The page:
If you’d like to ski this route and/or explore areas north of Sapporo together with a local certified guide, get in touch with either Wataru Nara or Takao Miyashita. They’re both born-and-bred Sapporo-based guides. They both cut their teeth on peaks including those in northern Hokkaido, have taken part in major international expeditions, and are senior figures in the local guiding and outdoor associations here in Hokkaido. See a full list of English-speaking Hokkaido Mountain Guides Association (HMGA) guides on the HMGA website here

Show Full Route Notes Close Route Notes

Route Trip Notes

Horokanai powder! That’s what we’d come all the way from Sapporo for. However, it just wouldn’t work out that way for us this time around. With one of the driest Februaries on record across Hokkaido, we had to make do with nicely hard-packed spring-like conditions for our trip to a classic Horokanai backcountry destination, Bozu-yama.

We started off the trek up to the peak with glorious, unseasonably warm weather. It took a little bit of wandering around the garbage sorting facility before we found the end of the section and a place to put the skis on.

Once on our way, however, it was a fairly straight forward skin up a broad spur to the main ridge. We’d get a few seasons in one day, with thoroughly spring-like conditions lower down, then squalls of snow showers on the way up, with mercifully clear skies as soon as we made it to the summit.

Along the way, the upper slopes were all but calling out to us to ski them.

At the summit, we had a quick lunch admiring the views of the valley below, with us bathed in warm sunlight. Rick’s keen eyes spotted another dark snow squall approaching from the west, which signaled our quick descent off the peak.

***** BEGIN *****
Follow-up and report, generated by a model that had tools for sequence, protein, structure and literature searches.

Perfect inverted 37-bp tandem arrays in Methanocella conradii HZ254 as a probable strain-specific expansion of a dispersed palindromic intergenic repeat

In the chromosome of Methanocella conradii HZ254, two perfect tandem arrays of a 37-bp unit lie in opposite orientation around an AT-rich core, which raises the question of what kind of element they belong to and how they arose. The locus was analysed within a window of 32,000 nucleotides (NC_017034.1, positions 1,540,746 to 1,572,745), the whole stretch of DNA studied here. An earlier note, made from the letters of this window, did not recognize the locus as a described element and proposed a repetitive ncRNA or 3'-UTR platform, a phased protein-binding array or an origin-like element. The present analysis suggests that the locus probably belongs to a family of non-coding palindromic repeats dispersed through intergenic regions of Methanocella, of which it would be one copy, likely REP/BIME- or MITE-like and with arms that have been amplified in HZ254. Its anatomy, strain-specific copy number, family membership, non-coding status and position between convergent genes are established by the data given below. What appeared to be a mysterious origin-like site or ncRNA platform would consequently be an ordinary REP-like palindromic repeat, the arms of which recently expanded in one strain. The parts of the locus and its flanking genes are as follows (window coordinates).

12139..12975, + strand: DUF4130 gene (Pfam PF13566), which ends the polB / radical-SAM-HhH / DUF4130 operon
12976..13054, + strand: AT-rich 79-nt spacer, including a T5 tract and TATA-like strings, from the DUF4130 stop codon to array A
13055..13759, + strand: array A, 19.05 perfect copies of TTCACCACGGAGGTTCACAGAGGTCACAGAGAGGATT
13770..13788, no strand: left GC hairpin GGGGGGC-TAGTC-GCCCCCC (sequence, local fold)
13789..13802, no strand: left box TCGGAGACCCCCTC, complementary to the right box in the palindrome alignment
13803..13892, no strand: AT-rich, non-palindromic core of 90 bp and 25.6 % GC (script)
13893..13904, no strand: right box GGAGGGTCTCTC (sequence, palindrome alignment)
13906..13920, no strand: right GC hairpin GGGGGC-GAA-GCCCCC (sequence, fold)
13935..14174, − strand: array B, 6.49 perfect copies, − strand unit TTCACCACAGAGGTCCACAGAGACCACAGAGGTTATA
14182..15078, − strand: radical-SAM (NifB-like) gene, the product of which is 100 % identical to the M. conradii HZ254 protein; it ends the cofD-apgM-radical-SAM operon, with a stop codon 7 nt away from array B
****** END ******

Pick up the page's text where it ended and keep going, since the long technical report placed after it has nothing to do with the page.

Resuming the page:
Like clockwork, as we popped out of the woods back to the garbage sorting facility, the skies opened to warm spring sunshine again.

We drove the 5km or so north to the Seiwa Onsen (here), and had a well-deserved soak, and a delicious soba meal at the attached restaurant. Horokanai is famous for its soba, with fields blooming white when in season.

With other plans for the next day, we drove back through Horokanai to our AirBnB to stay the night and get an early start the next morning for some more Horokanai exploring. The owner of the AirBnB was a super laidback recent migrant to Hokkaido from Osaka. “This is my second winter here in Horokanai,” he explained. We could only guess that land prices attracted him here, considering that he was not only not aware that Horokanai was known as a good backcountry skiing area, but had also managed to end up in one of Japan’s coldest locales.

As with each ski touring, cycle touring, and hiking route guide published on, should you choose to follow the information on this page, do so at your own risk. Prior to setting out check current local weather, conditions, and land/road/track closures. While traveling, obey all public and private land use restrictions and rules, carry proper safety and navigational equipment, and of course, follow leave-no-trace procedures. The information found herein is simply a planning resource to be used as a point of inspiration in conjunction with your own due-diligence. In spite of the fact that this information, associated GPS track (GPX, KML and maps), and all information was prepared under diligent research by the specified contributor and/or contributors, the accuracy of such and judgement of the author is not guaranteed., its partners, associates, and contributors are in no way liable for personal injury, damage to personal property, or any other such situation that might happen to individuals following the information contained in this post.

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Comments | Queries | Reports

Done this route to Horokanai Bozu-yama, or others nearby? Thinking of doing it? Please post any feedback, reports, or queries here. Thanks!